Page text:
The obvious answer to the question 'what are beliefs' is that they are the opinions and convictions that you hold about your life, and your world view.

But there are many layers to the answer about what beliefs are, including the answers to these questions:

* Where do they come from?
* How do they affect your actions?

Where Beliefs Come From

You don't arrive in the world with a filing cabinet full of beliefs, stamped with your name, just waiting for you to bring them to life. Rather, beliefs are adopted and learned, based on what you encounter and experience in your life.

There are 5 sources that provide the main foundation blocks used for building your belief systems:

1. Evidence - scientific or personal experience
2. Tradition - ideas that your family and culture have endorsed for generations
3. Authority - what your teachers, preachers, politicians, medical consultants tell you is true
4. Association - beliefs that your friends live by
5. Revelation - inspirations from personal intuition, dreams and imagination

You'll notice that this list is largely comprised of channels that introduce you to how other people see the world. Through rubbing shoulders with what others believe, you have the opportunity to agree, or to turn your back in disbelief. Only Evidence and Revelation have elements that may rely solely on your own individual experience of the world, as fodder for your belief system.

So, in this regard... what are beliefs? Beliefs are often understandings that other people have introduced to you, and you have adopted. Or, in some instances, they are ideas you have accepted based on your own personal experience.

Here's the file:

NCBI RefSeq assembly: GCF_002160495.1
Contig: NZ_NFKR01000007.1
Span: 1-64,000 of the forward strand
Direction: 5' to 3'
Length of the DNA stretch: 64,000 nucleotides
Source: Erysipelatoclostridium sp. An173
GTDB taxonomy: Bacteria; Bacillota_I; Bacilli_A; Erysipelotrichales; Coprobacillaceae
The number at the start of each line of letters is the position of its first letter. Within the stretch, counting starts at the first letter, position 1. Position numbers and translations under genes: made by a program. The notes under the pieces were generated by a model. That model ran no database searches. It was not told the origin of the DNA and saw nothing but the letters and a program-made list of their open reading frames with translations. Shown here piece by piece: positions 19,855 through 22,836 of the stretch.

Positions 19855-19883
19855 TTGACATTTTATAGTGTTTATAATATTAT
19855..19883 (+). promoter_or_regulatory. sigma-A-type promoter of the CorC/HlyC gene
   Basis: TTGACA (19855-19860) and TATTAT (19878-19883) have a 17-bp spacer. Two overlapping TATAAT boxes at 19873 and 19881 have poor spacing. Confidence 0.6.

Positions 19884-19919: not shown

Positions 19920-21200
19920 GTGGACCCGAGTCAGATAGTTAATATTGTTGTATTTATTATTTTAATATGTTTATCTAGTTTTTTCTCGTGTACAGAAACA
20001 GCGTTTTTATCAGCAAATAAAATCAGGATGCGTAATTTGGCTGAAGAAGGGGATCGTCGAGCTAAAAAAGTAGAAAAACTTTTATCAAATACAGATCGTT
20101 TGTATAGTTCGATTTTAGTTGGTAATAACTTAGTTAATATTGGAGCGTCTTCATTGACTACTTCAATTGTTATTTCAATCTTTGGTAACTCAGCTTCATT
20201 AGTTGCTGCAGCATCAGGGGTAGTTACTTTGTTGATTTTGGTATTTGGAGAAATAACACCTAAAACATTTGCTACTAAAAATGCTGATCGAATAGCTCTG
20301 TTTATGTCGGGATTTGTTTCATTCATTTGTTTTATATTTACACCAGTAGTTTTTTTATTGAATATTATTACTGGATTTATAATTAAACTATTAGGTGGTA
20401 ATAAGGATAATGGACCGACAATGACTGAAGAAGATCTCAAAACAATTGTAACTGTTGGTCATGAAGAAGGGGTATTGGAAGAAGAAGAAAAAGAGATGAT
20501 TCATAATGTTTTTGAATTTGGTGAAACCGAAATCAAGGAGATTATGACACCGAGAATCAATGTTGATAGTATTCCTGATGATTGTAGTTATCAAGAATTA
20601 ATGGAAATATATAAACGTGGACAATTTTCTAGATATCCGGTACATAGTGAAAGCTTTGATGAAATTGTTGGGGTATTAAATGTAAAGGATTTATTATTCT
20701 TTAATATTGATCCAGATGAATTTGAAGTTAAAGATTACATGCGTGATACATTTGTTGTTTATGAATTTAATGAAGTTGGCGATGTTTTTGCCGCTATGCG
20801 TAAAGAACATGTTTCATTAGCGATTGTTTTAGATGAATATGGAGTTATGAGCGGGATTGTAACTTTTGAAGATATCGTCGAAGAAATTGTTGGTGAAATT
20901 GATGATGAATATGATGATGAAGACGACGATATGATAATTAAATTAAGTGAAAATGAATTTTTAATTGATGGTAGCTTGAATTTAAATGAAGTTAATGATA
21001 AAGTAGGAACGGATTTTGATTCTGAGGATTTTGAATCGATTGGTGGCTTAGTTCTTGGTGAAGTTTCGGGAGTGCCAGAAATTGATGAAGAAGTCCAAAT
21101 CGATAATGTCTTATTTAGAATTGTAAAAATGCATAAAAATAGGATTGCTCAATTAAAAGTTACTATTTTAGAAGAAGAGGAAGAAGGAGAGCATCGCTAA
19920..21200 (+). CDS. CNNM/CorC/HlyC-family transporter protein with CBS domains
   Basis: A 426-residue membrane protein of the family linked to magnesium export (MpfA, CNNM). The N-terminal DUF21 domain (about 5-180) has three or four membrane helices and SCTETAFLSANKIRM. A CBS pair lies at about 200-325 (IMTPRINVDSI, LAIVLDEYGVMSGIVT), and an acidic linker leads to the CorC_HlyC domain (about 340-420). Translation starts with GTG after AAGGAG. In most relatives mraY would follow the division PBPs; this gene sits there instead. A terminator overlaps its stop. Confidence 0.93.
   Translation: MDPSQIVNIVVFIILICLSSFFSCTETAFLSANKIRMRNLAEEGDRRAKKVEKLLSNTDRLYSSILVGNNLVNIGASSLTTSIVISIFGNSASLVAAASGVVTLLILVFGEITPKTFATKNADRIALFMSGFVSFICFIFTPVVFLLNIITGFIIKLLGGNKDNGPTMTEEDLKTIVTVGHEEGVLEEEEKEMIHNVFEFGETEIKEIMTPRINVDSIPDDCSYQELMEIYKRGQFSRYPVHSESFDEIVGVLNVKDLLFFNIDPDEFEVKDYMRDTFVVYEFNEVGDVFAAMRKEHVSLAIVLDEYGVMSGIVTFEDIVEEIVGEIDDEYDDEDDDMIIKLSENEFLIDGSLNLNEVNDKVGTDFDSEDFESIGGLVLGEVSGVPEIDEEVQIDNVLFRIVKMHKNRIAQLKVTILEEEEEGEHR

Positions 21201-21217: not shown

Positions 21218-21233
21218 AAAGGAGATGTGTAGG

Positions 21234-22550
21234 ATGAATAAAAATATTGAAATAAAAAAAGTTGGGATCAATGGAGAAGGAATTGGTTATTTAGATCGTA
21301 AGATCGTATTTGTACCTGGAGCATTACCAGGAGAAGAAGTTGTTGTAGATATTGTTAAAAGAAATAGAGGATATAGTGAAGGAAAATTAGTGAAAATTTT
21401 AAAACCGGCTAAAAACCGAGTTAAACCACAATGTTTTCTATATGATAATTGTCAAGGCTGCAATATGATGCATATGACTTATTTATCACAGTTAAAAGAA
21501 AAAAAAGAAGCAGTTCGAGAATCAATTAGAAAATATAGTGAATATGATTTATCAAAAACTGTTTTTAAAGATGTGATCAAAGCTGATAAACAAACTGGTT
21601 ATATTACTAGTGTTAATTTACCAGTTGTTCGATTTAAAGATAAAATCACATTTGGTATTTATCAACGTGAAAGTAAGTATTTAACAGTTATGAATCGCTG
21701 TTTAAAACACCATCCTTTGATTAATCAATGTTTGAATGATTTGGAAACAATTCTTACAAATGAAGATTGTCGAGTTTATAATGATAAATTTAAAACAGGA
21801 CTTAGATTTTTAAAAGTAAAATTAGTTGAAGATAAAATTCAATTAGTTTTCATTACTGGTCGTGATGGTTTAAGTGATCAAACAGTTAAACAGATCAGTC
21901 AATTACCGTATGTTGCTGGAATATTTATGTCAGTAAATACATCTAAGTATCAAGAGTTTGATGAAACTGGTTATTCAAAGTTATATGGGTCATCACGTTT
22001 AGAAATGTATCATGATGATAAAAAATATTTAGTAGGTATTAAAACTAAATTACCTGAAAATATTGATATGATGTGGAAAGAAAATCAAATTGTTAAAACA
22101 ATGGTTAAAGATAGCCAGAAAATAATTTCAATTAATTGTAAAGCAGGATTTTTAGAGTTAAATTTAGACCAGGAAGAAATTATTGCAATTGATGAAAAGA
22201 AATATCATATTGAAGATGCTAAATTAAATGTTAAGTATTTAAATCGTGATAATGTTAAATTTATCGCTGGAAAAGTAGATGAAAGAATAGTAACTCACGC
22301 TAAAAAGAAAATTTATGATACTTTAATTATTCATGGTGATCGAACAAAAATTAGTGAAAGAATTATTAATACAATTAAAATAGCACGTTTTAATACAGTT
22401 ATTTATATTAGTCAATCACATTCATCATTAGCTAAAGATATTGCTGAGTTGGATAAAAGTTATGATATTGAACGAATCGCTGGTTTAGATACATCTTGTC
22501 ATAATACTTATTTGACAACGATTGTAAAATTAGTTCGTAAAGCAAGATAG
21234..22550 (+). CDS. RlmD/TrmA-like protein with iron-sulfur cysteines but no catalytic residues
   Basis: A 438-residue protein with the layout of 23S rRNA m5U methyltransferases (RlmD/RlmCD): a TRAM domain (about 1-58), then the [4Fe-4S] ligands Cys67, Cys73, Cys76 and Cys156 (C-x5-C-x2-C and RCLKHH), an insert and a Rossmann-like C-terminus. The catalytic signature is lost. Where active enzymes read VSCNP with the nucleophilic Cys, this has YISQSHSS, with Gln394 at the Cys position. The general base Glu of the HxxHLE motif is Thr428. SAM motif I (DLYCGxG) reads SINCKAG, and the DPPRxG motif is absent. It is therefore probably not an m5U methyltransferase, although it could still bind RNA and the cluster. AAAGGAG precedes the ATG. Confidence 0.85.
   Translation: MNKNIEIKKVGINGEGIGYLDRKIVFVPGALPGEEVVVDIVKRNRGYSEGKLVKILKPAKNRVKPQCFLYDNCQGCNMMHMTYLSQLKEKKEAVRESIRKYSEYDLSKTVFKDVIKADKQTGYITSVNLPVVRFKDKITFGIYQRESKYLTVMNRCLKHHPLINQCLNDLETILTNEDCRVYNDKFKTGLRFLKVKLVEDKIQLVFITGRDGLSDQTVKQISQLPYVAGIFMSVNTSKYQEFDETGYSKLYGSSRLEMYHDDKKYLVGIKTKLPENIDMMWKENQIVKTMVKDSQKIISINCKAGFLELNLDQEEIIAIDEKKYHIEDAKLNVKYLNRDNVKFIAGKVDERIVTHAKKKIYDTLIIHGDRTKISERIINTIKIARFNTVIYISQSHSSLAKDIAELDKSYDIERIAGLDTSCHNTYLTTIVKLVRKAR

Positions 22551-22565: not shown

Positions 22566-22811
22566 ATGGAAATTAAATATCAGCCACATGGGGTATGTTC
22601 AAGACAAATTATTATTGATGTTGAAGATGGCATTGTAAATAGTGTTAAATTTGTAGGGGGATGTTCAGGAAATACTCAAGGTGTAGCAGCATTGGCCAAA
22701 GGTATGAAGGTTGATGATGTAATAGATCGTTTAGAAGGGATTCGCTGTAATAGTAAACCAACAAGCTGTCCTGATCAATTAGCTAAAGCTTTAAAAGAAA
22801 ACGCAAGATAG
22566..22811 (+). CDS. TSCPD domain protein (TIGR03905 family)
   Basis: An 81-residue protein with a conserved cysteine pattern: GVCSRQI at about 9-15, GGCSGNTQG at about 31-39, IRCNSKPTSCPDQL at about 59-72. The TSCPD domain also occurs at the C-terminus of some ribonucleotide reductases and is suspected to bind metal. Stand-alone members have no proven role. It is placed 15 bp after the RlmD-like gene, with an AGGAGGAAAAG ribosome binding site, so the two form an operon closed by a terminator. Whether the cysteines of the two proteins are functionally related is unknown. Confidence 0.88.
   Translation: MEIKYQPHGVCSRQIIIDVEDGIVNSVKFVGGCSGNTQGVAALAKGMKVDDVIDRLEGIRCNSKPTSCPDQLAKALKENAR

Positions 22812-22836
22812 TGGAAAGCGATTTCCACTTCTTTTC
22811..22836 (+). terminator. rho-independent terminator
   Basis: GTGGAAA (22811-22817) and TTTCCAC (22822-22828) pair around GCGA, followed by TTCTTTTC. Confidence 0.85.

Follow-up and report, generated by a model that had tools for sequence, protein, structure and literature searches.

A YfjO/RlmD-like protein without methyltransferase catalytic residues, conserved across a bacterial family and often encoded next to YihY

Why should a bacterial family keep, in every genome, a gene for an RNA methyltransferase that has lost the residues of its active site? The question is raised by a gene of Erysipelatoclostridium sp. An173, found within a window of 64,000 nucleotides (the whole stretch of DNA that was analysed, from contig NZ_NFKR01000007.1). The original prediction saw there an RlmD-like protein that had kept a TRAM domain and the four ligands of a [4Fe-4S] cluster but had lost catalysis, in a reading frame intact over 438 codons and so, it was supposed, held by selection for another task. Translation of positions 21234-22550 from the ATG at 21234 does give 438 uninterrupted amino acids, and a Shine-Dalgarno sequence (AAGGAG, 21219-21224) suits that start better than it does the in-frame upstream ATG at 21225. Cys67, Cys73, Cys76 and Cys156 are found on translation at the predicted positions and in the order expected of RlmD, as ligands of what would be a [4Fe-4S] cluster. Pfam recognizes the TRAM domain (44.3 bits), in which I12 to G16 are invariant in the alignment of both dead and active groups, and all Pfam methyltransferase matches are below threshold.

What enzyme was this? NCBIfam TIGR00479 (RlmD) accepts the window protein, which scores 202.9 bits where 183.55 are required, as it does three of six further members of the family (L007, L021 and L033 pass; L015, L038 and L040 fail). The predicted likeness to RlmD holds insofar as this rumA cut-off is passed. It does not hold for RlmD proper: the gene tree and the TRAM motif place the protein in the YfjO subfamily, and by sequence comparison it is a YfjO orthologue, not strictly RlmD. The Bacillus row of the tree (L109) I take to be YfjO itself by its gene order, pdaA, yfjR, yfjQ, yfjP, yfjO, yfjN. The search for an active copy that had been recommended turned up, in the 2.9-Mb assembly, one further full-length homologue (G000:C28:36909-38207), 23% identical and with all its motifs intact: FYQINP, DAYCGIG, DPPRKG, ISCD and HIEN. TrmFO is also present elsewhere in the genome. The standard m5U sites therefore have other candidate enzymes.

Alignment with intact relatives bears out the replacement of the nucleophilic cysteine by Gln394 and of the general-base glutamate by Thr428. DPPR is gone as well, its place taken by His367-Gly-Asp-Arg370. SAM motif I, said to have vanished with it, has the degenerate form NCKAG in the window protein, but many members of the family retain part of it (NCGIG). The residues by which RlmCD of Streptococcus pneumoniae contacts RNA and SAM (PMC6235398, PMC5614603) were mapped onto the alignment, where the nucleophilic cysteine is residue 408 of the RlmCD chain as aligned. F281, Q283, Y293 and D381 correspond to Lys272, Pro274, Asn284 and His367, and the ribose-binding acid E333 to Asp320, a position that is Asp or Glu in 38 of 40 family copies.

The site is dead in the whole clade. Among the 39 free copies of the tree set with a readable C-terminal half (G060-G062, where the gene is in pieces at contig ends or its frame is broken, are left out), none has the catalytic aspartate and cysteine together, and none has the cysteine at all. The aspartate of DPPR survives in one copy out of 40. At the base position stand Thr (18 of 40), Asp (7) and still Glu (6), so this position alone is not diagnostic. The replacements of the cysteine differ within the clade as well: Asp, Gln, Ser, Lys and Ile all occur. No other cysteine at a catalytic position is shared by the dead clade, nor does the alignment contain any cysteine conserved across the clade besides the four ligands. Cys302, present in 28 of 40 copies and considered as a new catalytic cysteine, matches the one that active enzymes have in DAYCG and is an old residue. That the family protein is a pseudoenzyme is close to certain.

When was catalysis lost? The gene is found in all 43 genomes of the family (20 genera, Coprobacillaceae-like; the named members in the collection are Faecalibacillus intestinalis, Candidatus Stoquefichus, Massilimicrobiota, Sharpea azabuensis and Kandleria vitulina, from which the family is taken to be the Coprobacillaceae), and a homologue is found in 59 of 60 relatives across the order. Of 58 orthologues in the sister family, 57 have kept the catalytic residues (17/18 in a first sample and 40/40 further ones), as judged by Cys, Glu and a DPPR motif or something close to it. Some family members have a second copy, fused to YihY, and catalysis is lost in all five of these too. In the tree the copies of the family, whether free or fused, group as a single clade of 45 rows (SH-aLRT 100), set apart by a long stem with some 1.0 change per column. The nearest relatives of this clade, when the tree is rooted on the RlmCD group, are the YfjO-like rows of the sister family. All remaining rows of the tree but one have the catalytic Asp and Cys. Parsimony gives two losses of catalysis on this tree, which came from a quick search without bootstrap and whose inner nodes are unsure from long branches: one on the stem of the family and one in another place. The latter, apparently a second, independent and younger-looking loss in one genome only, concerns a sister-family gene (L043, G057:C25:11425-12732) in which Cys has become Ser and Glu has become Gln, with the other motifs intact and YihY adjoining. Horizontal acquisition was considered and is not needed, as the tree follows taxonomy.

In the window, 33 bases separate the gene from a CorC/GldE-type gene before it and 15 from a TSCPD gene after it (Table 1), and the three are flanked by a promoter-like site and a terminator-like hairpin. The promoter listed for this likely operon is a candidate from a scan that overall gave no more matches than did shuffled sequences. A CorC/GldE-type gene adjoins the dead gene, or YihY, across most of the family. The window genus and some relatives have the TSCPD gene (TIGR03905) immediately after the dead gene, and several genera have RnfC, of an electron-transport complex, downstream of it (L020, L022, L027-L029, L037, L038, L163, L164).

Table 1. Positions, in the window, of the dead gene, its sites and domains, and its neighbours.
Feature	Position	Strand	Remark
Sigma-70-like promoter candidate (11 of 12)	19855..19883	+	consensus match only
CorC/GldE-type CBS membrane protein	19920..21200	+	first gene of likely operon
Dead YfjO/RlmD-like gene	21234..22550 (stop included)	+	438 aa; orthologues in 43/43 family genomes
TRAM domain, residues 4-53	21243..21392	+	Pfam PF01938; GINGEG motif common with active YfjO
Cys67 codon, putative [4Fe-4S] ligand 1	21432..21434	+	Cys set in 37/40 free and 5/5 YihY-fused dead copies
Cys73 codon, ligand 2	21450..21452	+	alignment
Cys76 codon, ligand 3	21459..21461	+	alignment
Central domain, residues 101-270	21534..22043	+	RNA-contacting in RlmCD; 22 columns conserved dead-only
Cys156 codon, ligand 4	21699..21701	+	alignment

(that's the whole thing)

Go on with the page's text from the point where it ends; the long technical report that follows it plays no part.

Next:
How Beliefs Affect Your Actions

The manner in which you approach and live your life will stem from the belief system you hold.

Consider the following situation:

* Every day the same homeless person walks down the street outside a busy office building. They are pushing a shopping trolley full of dirty bits and pieces that look like a few clothes, blankets and miscellaneous items. They have a collection tin and sometimes sit down with it placed in front of them. You notice that it is usually the same people that give them a few coins, while there are many that always look the other way when they pass them.

What do you think the determining factor is whether people give them coins or not? It is all in what the passer-by believes, isn't it?

People who give coins are likely to believe:

* my giving a few coins will help this person
* by giving a few coins I might relieve some of this person's discomfort
* perhaps my coins will let this person eat today and find better fortune

Whereas people who do not give coins may be more inclined to believe:

* nothing I can do can help this person
* I don't have enough to be giving to someone I do not even know
* homeless people think other people should take care of them, but they need to take more responsibility for themselves

What are beliefs? This simple example easily shows that they can indeed be a determining factor of the actions you take, or do not take.

It can be enlightening to question how you have come to believe what you do, and how your beliefs are painting the picture of your life. Changing limiting beliefs to empowering ones is perhaps the most powerful way to lift yourself to a life of greater peace, joy and success.

Author's Bio: 

Cathy Johnson Campbell created to encourage people to believe in their dreams, and to offer tools to reach them. She invites you to grab your free eSeries, Belief Insights to Change Your Life,

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